If you make payments in installments for your lease, you might need to be aware of a specific period when VAT applies.
How will VAT be applied to staggered payments for a lease contract?
When a seemingly innocent question sparks lengthy discussions about taxes, it highlights the intriguing nature of taxation and one’s fascination with the subject.
The initial question appeared simple: What are the VAT consequences of a 4-year equipment lease with eight semi-annual invoices? In the business world, this question encompasses a wide range of transactions.
Whether you’re leasing goods, vehicles, commercial real estate, or intellectual property rights, the VAT implications are crucial for lessors to consider. It’s commonly assumed that VAT will be payable in installments upon the issuance of each of the eight semi-annual invoices.
VAT is calculated based on the ‘date of supply’ for goods or services. The ‘date of supply’ for contracts involving periodic payments or consecutive invoices is clearly defined as the earliest of:
1. The date of issuing a tax invoice.
2. The payment due date as stated on the tax invoice.
3. The date of payment receipt.
4. The date of one year’s expiration from when the goods or services were provided.
If a tax invoice is issued or payment is received, VAT is due only on the amount mentioned in the invoice or the payment. The remaining VAT will be payable later, following VAT laws.
The real challenge arises for long-term contracts when one year has elapsed. Does VAT become immediately payable on the entire remaining value?
Consider a four-year commercial property lease for Dh2 million with advance invoices of Dh250,000 issued every six months. The first two tax invoices, issued before one year from the contract date, should trigger VAT on the first Dh500,000.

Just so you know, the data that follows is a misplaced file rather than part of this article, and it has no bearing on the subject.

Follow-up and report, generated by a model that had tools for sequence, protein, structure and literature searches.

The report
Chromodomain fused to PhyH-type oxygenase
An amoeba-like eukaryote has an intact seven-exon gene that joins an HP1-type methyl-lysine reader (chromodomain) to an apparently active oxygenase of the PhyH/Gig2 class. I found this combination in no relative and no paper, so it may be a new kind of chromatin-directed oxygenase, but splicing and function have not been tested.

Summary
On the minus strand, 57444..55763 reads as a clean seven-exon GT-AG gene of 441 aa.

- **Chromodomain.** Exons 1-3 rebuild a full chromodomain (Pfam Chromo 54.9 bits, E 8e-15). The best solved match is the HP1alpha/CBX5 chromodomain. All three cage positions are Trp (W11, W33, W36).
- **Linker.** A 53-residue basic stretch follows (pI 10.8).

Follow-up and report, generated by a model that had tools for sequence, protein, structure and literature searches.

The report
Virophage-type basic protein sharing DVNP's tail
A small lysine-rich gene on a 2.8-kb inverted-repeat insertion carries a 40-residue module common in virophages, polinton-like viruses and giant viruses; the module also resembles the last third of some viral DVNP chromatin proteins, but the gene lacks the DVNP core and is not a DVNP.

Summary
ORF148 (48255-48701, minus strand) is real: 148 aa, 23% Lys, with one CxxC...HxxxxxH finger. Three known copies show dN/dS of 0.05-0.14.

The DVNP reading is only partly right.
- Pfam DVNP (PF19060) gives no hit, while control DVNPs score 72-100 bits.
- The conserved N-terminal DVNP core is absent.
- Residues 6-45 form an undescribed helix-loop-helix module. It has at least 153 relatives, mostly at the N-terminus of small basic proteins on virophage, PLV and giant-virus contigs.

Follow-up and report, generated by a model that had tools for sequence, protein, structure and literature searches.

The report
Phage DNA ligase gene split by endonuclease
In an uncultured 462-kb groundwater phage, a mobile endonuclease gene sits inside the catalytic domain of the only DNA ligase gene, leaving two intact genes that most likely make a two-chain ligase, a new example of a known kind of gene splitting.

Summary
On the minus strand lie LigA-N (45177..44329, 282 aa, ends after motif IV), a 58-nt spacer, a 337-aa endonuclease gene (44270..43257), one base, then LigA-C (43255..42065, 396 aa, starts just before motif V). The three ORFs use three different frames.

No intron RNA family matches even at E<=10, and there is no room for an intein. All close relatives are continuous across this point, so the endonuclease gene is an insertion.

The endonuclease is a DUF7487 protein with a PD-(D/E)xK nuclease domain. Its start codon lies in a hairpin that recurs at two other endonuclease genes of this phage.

For the remaining amount, the one-year threshold will pass before the issuance of subsequent invoices or payments. This raises the question of whether VAT becomes immediately payable on the remaining Dh1.5 million upon completing one year.
The ‘date of supply’ provisions don’t account for apportioning the contract value over the contract period or calculating a proportionate value at the one-year mark. Without such apportionment, the ‘date of supply’ could apply to the entire remaining value once the one-year period expires.
It could be argued that leasing services involve the daily transfer of the right to use the property throughout the contract period, meaning the one-year period never expires.
In leasing transactions, the service essentially revolves around transferring the right to use the property. This transfer happens at a specific point in time, not over a duration. While the right to use the property may span a period, the transfer itself occurs once upon signing the contract.
Concerning extended car leases, it’s clarified that the ‘date of supply’ will be the earliest of the three specified dates, provided it doesn’t exceed one year from the start of the lease.
Hence, leasing services should be considered ‘provided’ at the beginning of the leasing period. At the one-year mark, without apportionment, the ‘date of supply’ for the entire remaining value could be triggered, resulting in a substantial VAT liability.
Instances of annual tax points in cases of continuous supplies can be found in the VAT/GST laws of the UK and India.
In the UK, the annual tax point applies only to taxable supplies between related parties when the recipient can’t fully recover the input VAT. Since related parties with incomplete input VAT recovery exist, the VAT accounting could be indefinitely delayed without issuing VAT invoices or exchanging lease payments. The creation of an annual tax point prevents this indefinite delay and requires apportioning the contract value over the contract period.
The current UAE VAT provisions don’t address such specific scenarios, which means they could apply to all instances of continuous services.
VAT implications could also impact corporate tax. Recovering input VAT on the entire remaining value might necessitate recognizing deferred tax assets/liabilities in the financial records.
Taxation is about seeking the right answers. It demands asking the right questions, whether consciously or innocently, and being willing to challenge mere hearsay about potential tax consequences.
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